Matthew Liao (New York University, Center for Bioethics): Lives, Limbs, and Liver Spots: The Threshold Approach to Limited Aggregation

Mar 30, 2022, 4:30 pm6:00 pm
Robertson Hall, Bowl 001
Open to Princeton University ID Holders
Event Description

Ira W. DeCamp Bioethics Seminars

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ABSTRACT: Limited Aggregation is the view that when there are competing moral claims that demand our attention, we should sometimes satisfy the largest aggregate of claims, depending on the strength of the claims in question. In recent years, philosophers such as Patrick Tomlin and Alastair Norcross have argued that Limited Aggregation violates a number of rational choice principles such as Transitivity, Separability, and Contraction Consistency. Current versions of Limited Aggregation are what may be called Comparative Approaches because they involve assessing the relative strengths of various claims. In this paper, we offer a non-comparative version of Limited Aggregation, which we call the Threshold Approach. It states that there is a non-relative threshold that separates various claims. We demonstrate that the Threshold Approach does not violate rational choice principles such as Transitivity, Separability, and Contraction Consistency, and we show that potential concerns regarding such a view are surmountable.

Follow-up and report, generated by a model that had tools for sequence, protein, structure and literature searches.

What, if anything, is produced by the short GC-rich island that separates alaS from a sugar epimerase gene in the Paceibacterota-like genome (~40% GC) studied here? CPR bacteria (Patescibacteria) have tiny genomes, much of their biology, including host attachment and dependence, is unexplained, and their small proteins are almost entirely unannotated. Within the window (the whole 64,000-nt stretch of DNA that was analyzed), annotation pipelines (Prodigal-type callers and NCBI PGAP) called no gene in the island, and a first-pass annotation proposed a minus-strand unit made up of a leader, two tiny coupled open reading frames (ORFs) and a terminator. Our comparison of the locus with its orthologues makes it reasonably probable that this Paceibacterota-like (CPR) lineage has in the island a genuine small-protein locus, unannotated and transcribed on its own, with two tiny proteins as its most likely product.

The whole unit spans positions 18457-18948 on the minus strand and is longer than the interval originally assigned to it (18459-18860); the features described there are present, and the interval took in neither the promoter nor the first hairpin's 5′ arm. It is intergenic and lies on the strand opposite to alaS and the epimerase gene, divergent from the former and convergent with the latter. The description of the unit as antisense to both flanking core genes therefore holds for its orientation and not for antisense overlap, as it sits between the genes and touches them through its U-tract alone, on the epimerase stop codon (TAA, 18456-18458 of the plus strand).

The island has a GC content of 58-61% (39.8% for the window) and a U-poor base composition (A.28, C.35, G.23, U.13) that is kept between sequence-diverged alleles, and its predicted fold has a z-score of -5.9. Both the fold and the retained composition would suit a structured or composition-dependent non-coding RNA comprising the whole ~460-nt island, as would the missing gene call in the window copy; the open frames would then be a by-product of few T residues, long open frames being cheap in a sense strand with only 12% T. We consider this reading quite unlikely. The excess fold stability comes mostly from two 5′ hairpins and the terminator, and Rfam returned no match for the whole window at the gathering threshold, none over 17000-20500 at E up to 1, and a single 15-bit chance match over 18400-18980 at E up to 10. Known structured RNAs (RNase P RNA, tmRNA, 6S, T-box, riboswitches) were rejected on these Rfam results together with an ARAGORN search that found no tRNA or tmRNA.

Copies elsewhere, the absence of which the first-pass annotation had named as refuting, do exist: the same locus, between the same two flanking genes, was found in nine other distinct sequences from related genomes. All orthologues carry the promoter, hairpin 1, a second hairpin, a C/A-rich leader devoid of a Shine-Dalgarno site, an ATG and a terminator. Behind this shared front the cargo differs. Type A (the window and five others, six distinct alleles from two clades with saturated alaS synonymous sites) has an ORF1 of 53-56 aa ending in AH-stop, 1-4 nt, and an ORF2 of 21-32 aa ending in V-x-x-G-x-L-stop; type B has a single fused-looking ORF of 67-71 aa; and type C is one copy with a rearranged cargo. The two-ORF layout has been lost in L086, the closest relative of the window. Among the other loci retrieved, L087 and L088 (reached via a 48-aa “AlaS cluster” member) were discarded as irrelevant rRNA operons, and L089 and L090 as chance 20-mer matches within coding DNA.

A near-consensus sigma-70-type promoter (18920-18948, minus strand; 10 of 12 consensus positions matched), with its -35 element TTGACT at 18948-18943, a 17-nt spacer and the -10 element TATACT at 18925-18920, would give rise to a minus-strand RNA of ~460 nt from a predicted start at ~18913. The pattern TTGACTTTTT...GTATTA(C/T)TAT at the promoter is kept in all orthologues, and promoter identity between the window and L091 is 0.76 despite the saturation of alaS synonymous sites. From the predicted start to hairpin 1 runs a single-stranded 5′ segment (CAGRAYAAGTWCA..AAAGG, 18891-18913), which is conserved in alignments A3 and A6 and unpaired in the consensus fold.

Matthew Liao holds the Arthur Zitrin Chair in Bioethics and is the Director for The Center for Bioethics at New York University. From 2006 to 2009, he was the Deputy Director and James Martin Senior Research Fellow in the Program on the Ethics of the New Biosciences in the Faculty of Philosophy at Oxford University. He was the Harold T. Shapiro Research Fellow in the University Center for Human Values at Princeton University in 2003–2004, and a Greenwall Research Fellow at Johns Hopkins University and a Visiting Researcher at the Kennedy Institute of Ethics at Georgetown University from 2004–2006. In May 2007, he founded Ethics Etc, a group blog for discussing contemporary philosophical issues in ethics and related areas. He is interested in a wide range of issues including ethics, epistemology, metaphysics, moral psychology, and bioethics.

Respondent: Sam Preston, Princeton